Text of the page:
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4 Reasons Small Businesses Can Be Thankful

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4 Reasons Small Businesses Can Be ThankfulIt’s been a tough year for the economy, and small businesses have felt the crunch. But as the holiday season approaches, it’s important to remember that there are still things small businesses can be thankful for as they look towards 2012.

And we’re not the only ones feeling optimistic; according to a recent Hartford survey, 70 percent of small business owners actually feel successful, even as they face challenging conditions.

So in the holiday spirit, here are four reasons small businesses can be feel good about the future.  Happy Thanksgiving!

1. Low interest rates

Low interest rates mean lower mortgage and loan repayments, and therefore the chance to put some money aside for a rainy day. Go ahead and put some stuffing in that savings account.

2. The season for shopping

The Friday after Thanksgiving is called “Black Friday” because, historically, that’s the day when a retailer finally turns an annual profit, or, as they say, gets “in the black.” Everything after that? It’s just gravy.

Black Friday and the Holiday seasons almost always boost sales. As shoppers spill out on to the street and log on to their favorite online stores to start their seasonal shopping spree, retailers usually see a modest increase in sales in the fourth quarter and in to the new year when sale season approaches.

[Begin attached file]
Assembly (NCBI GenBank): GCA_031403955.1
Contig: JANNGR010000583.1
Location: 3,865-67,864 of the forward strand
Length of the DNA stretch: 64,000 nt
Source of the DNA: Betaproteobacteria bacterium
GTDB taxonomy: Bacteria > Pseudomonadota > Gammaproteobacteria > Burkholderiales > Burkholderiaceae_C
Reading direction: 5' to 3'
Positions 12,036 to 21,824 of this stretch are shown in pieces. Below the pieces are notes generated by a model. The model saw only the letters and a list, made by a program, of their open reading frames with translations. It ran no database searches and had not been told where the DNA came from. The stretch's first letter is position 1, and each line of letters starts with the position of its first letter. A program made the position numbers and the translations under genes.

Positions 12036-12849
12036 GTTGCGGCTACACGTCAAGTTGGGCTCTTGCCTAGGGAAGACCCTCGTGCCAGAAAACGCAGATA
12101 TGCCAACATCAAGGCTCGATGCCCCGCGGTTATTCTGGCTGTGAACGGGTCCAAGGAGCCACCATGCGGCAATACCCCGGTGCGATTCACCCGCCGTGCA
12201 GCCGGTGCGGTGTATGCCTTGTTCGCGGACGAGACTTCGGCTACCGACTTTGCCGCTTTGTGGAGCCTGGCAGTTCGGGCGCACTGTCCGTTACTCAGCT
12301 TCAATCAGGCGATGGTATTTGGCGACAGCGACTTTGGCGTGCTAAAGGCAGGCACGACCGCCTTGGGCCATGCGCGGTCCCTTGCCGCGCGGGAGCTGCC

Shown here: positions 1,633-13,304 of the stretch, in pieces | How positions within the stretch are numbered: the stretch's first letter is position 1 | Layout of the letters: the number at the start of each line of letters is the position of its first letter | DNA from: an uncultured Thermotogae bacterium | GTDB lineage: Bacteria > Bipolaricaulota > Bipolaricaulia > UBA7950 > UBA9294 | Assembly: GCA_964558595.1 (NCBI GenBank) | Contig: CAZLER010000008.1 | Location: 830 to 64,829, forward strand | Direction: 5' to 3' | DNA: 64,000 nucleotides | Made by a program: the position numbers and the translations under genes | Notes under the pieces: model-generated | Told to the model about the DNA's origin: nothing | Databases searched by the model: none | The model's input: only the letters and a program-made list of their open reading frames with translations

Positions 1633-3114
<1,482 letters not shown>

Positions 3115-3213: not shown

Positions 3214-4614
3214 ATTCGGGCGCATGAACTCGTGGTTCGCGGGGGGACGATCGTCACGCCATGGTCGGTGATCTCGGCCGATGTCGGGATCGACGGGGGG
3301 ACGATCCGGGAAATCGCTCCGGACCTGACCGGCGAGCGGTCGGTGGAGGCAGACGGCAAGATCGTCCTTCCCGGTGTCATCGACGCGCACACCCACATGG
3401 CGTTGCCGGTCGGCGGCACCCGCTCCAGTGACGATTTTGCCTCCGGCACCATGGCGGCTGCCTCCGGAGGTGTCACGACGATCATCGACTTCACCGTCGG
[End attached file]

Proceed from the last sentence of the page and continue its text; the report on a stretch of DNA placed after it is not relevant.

3. The online marketplace

The massive cornucopia of key products and services online means lower costs. Whether it’s legal services, conference call technology or furniture for your business, the kind of competition that exists on the Internet means lower and lower prices.

4. The talent pool

With more people going to college — and a lot of them looking for jobs right now — it’s certainly an employer’s market. Though the war for top talent is always intense, job postings are still getting tons of responses. If you’re willing to sift through the applicants, you shouldn’t be afraid of getting stuck with the leftovers.

About Justin Tenuto

Justin is a self-professed legal dweeb who finds Anton Scalia genuinely hilarious. After receiving his B.A. in English literature from UC Santa Barbara, he spent four years as a destitute touring musician before he began writing. He’s worked at a few start ups and law firms and spends his off time playing the banjo, watching Tombstone, and playing the banjo while watching Tombstone.
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